More nasty, vicious cuts. No Repeal of the Health & Social Care Act. An attack on our unsocial hours. An attack on our basic democratic right to strike. These are just some elements of the brutal class warfare the Tories are preparing to unleash over the next five years. So, how should we as trade unionists respond?
"We’re still facing a government of over-privileged, public schoolboy millionaires intent on destroying the welfare state."
Firstly, we are not in a hugely different situation to that which we were prior to the election. We’re still facing a government of over-privileged, public schoolboy millionaires intent on destroying the welfare state. Secondly, we remember that only slightly over one in three people who voted actually voted Tory and overall they received just 20% of the votes of the eligible electorate. They have a much reduced majority with the Lib Dems on board and they are (yet again) poised to tear themselves apart over Europe. The smug and complacent grin on Cameron’s post-election face may perhaps be just a little premature.
Thirdly, and most importantly, we in Unison Sussex Partnership branch have seen our confidence and combativity grow over the last few years. From successfully resisting the imposition of twelve and a half hour shifts in Brighton to mounting a hugely impressive and hard fought campaign to retain our substance misuse service. Although that campaign was ultimately lost, it was not before we managed to land some telling blows on the CCG and the council. We saw the confidence of individual stewards and members grow as they threw themselves into the campaign, backed up by an impressive coalition of the branch, community campaigners from Sussex Defend Our NHS as well as local Labour and Green councillors. And although now momentarily downcast, we find ourselves fighting fit and in a strong position to wage the sort of struggles and campaigns against the Tories plans outlined above.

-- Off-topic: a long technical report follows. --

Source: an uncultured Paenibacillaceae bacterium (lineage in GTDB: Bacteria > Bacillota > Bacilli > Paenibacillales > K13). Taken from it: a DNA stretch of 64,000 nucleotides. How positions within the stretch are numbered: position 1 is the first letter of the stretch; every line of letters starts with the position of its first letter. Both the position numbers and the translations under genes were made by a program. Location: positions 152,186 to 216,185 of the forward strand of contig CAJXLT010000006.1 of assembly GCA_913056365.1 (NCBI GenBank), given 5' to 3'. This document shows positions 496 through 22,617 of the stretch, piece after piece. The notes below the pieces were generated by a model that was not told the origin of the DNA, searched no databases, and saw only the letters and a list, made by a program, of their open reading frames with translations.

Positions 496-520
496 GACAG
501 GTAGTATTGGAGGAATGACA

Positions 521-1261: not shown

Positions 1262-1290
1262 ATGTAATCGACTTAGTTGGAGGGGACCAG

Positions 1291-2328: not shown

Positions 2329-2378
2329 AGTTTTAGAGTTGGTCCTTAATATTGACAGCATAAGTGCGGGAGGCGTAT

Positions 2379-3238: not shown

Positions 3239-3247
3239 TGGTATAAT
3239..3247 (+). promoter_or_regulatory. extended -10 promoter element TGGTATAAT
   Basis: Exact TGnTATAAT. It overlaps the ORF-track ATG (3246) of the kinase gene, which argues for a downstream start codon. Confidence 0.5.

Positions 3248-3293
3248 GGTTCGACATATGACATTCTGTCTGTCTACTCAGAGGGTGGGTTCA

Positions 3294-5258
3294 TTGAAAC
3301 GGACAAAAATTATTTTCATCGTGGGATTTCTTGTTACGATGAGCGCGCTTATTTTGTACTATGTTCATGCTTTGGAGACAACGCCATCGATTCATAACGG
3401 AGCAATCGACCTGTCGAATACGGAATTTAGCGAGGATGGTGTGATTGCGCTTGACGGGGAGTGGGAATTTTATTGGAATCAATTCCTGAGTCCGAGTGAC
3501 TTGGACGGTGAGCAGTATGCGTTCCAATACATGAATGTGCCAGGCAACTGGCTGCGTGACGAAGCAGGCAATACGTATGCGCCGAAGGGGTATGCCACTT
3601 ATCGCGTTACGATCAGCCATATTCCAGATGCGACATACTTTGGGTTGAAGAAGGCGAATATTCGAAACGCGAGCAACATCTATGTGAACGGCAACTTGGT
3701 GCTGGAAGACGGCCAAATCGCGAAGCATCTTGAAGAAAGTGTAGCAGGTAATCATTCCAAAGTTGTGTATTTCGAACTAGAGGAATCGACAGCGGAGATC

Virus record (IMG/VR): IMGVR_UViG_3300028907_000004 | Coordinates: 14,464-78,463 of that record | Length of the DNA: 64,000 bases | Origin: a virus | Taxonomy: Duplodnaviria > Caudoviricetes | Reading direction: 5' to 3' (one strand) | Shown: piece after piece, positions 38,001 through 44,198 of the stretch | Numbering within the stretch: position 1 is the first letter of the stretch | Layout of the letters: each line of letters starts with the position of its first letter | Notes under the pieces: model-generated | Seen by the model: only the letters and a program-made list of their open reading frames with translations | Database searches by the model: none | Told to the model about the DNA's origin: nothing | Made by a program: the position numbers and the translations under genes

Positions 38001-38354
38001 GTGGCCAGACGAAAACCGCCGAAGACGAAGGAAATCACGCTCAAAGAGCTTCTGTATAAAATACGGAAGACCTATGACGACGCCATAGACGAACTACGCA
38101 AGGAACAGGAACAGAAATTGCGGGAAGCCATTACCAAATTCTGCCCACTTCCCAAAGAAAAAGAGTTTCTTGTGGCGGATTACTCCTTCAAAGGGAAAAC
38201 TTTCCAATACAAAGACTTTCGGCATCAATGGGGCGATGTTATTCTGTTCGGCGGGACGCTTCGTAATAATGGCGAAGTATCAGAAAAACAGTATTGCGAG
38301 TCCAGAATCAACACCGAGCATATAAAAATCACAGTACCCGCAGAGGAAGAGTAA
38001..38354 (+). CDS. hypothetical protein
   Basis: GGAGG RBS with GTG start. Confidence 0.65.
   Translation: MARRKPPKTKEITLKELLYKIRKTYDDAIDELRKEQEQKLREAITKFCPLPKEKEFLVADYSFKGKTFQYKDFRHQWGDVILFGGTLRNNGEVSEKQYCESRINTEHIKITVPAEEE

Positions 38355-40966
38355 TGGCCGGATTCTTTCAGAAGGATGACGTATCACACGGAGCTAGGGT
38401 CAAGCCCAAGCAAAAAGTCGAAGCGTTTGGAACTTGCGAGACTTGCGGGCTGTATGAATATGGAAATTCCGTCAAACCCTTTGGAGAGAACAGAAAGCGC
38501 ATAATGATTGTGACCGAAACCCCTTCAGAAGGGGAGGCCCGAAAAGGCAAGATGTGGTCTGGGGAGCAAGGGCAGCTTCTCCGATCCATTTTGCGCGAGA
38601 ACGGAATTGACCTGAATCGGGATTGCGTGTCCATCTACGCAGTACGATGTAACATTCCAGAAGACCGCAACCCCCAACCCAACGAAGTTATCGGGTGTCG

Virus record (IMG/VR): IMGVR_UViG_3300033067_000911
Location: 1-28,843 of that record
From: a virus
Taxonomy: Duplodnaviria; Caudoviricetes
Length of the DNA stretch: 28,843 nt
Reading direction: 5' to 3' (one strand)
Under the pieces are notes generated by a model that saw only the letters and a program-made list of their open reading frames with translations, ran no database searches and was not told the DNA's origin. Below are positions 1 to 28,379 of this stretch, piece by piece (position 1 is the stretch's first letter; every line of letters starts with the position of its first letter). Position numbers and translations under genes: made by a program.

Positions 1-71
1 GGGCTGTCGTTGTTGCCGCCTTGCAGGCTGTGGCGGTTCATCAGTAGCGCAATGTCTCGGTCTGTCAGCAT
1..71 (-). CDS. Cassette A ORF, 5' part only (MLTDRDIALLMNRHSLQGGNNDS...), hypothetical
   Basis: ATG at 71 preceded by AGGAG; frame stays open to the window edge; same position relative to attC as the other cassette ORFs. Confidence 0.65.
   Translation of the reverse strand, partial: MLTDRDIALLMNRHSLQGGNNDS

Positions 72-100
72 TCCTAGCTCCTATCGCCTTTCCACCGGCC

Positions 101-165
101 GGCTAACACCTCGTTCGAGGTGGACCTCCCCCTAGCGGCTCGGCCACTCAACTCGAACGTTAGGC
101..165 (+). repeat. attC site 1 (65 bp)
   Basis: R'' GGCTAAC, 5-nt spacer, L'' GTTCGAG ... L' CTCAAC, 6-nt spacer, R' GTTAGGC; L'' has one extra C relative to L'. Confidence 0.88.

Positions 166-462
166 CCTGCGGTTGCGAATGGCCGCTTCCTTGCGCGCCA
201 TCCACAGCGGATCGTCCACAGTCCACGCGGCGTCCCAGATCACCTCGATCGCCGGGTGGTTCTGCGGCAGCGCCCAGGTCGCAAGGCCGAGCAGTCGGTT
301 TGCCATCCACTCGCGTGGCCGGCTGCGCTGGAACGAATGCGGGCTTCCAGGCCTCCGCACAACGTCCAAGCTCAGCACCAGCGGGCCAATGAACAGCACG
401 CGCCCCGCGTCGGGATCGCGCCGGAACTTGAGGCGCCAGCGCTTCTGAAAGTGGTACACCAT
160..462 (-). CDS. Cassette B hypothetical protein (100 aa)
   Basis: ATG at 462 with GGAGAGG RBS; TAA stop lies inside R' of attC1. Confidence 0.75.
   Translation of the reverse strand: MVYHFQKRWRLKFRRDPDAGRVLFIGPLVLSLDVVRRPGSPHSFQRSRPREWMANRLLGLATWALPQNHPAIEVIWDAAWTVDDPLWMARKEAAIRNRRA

"We find our branch fighting fit and in a strong position to wage the sort of struggles and campaigns against the Tories plans"
Specifically in relation to the election result, am I disappointed? Hell yes. Am I surprised? Hell not really. We have seen the results of what a campaign genuinely based on anti-austerity can achieve. Syriza in Greece and Podemos in Spain demonstrate the huge potential to mobilise around anti-austerity. Last Thursday night we saw the SNP in Scotland obliterate the Labour Party with it’s anti-austerity, close the tax loopholes, abolish Trident message. We also saw our very own Caroline Lucas trounce her Labour opponent and romp home with an 8000 majority after campaigning, in her own words “on the politics of hope rather than the politics of despair.” The lesson is as simple as it is clear. People are sick of austerity and will respond to those politicians who are seen to give a clear expression and lead to their resentment and frustration. Sadly, Labour’s campaign was largely characterised by negativity and timidity. Miliband’s “difficult choices” and Ed Balls “two more years of Tory spending plans” failed to resonate, excite and engage. It’s never comforting to see a Tory win a seat but I have no sympathy for Balls, none whatsoever. Elections are not won in six weeks. The retreats by the trade union and Labour leaders since 2011 demoralised activists. Struggle creates communities of campaigners; retreat sends people back to their homes and to individual fear where they then become prone to insecurities about their own and their families futures.